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The Case for Trying the Boston Marathon Suspects in Massachusetts.

Contact Attorney Jason Chan

Attorney Jason Chan

267 North Beacon Street, Suite 3
Boston MA 01235


Phone: 781-343-1DUI (781-343-1384)
Fax: 617-226-7986

Several weeks after the harrowing events that engulfed the Boston Marathon this year, Dzhokhar Tsarnaev is set to face in federal court two counts that encompass the scope of his barbarous acts: one count of using and conspiring to use a weapon of mass destruction resulting in death, and one count of using an explosive device in the malicious destruction of property. He will and should be tried in federal court for this act of terror, but that reality should not allow Massachusetts, a state well equipped to try terrorism cases, to be excluded from the scene.

A Massachusetts Jury Should Have State Law at Its Disposal

While innocent until proven guilty, the younger Tsarnaev was found in large part thanks to the FBI’s diligent work in using surveillance cameras and photographic evidence. The odds of acquittal here appear slim. Although there certainly is a federal case to be made against anyone who uses a weapon of mass destruction to kill Americans, the people of Massachusetts should have their day in court, too—especially given the legal infrastructure in the state against terrorism.

Massachusetts State Law is Armed to Fight Terror

In the wake of the heartbreaking events of September 11, 2001, the Massachusetts legislature convened and passed an anti-terror bill a year later. The statute, An Act Providing Against Terrorism, amends a number of areas within the statutory code to allow for broader definitions various items. It puts tighter restrictions on fireworks manufacturers, adding provisions for “hoax substances” in addition to explosive devices. It also provides for incarceration of individuals for use or development of biological, chemical, or nuclear weapons.  The relevant provision in this case, should prosecutors choose to go forward, would be section 148 of the General Laws §12, which, after this amendment, reads: “No building or structure shall be used for the manufacturing or storage of explosive materials without a permit issued by the marshal.” There is certainly no reason to believe that the Tsarnaev household had a permit to be manufacturing explosives. With that clear, this provision allows for, in the event of conviction, two years imprisonment or $5,000 in fines just for having one explosive. The provisions also allow for a charge to someone who causes another to believe that an explosive device is in a public area—a potential charge depending on what authorities discover about the recently arrested associates of Dzhokhar Tsarnaev.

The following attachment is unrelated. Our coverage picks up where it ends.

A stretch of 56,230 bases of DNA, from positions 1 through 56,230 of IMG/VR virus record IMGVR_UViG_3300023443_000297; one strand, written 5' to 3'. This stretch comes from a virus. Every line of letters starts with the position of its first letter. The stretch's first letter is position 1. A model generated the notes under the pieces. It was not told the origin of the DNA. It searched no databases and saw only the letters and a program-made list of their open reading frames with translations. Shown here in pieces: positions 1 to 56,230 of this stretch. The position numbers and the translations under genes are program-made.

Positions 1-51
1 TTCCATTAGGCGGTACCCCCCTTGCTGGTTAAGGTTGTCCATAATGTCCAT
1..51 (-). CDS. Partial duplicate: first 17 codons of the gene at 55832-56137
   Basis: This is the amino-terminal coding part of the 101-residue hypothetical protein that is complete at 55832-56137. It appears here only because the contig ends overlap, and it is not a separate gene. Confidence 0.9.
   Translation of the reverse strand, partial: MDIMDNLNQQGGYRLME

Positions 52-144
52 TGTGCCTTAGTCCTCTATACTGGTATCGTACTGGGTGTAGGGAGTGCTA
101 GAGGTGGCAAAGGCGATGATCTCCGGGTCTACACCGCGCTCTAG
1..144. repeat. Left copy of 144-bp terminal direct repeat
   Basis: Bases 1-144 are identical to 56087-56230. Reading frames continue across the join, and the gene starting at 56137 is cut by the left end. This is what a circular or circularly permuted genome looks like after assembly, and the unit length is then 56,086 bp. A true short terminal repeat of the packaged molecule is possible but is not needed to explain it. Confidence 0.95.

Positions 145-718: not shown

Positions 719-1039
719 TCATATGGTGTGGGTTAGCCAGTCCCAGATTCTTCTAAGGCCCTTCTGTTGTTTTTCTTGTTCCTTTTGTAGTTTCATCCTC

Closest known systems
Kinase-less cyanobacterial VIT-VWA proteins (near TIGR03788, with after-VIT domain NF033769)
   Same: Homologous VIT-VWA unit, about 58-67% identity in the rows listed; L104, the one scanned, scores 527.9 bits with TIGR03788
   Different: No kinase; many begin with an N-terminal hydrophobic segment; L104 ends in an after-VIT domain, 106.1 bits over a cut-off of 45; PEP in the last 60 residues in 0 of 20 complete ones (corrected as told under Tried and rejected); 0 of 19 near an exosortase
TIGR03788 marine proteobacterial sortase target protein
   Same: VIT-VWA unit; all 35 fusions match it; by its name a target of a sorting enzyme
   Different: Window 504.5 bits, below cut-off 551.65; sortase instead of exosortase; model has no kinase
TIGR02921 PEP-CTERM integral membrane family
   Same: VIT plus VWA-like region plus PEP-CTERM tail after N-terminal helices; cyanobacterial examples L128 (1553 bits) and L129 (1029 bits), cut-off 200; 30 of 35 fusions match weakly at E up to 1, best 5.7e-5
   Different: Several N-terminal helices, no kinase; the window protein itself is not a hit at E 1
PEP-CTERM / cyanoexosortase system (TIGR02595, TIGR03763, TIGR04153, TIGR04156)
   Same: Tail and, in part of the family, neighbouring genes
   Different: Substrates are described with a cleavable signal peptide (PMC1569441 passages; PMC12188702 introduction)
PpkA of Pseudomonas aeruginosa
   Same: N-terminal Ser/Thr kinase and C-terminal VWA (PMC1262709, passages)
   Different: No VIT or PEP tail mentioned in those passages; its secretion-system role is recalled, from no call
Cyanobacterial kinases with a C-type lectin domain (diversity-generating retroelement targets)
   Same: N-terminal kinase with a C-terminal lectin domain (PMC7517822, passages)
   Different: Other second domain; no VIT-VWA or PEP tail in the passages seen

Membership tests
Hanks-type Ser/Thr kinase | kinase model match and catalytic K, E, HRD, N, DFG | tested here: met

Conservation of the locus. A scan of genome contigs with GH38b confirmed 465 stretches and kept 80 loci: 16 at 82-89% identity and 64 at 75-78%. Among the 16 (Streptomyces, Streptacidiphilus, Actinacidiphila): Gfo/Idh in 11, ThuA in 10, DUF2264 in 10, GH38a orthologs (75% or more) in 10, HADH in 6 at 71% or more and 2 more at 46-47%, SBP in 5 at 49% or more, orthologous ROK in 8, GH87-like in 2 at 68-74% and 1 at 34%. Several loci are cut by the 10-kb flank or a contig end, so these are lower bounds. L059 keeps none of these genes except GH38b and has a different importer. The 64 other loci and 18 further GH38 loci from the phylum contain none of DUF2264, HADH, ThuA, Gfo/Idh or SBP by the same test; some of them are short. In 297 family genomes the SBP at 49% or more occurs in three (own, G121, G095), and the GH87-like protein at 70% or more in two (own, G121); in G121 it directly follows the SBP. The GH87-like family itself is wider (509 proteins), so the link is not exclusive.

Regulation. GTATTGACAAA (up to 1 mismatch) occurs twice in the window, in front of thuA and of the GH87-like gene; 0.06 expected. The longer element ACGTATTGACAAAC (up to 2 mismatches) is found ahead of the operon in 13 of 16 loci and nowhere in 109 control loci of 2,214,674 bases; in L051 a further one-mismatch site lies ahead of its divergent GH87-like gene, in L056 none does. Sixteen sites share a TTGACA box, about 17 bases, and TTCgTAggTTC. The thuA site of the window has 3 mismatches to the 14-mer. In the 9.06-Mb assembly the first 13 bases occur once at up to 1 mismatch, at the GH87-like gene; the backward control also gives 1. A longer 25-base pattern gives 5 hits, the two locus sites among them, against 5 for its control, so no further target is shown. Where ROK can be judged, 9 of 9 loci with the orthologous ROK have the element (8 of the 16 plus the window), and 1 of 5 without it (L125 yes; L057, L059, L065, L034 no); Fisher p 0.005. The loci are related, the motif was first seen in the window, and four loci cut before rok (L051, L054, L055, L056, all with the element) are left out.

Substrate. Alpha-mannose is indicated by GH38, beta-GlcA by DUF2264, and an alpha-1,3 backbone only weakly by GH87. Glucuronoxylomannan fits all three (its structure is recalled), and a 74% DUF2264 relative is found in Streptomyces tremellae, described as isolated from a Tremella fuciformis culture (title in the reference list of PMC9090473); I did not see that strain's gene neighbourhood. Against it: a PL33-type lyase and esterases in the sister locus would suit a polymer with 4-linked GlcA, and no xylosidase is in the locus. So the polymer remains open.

Beyond Terrorism: Murder Charges

But these provisions are merely proof that Massachusetts’s legislators intended to provide for the judiciary to be able to handle such complex terrorism cases. That does not make their intent that this be the exclusive means of prosecution. Here, the major crime to be tried is the murder of several individuals, children, and the battery of nearly one hundred more. These charges are state charges, and as such will not get to go before a federal jury. There may not be a significant difference in outcome here, but symbolically, there appears to be no reason to deprive the people of Boston the chance to try Tsarnaev for mass murder.


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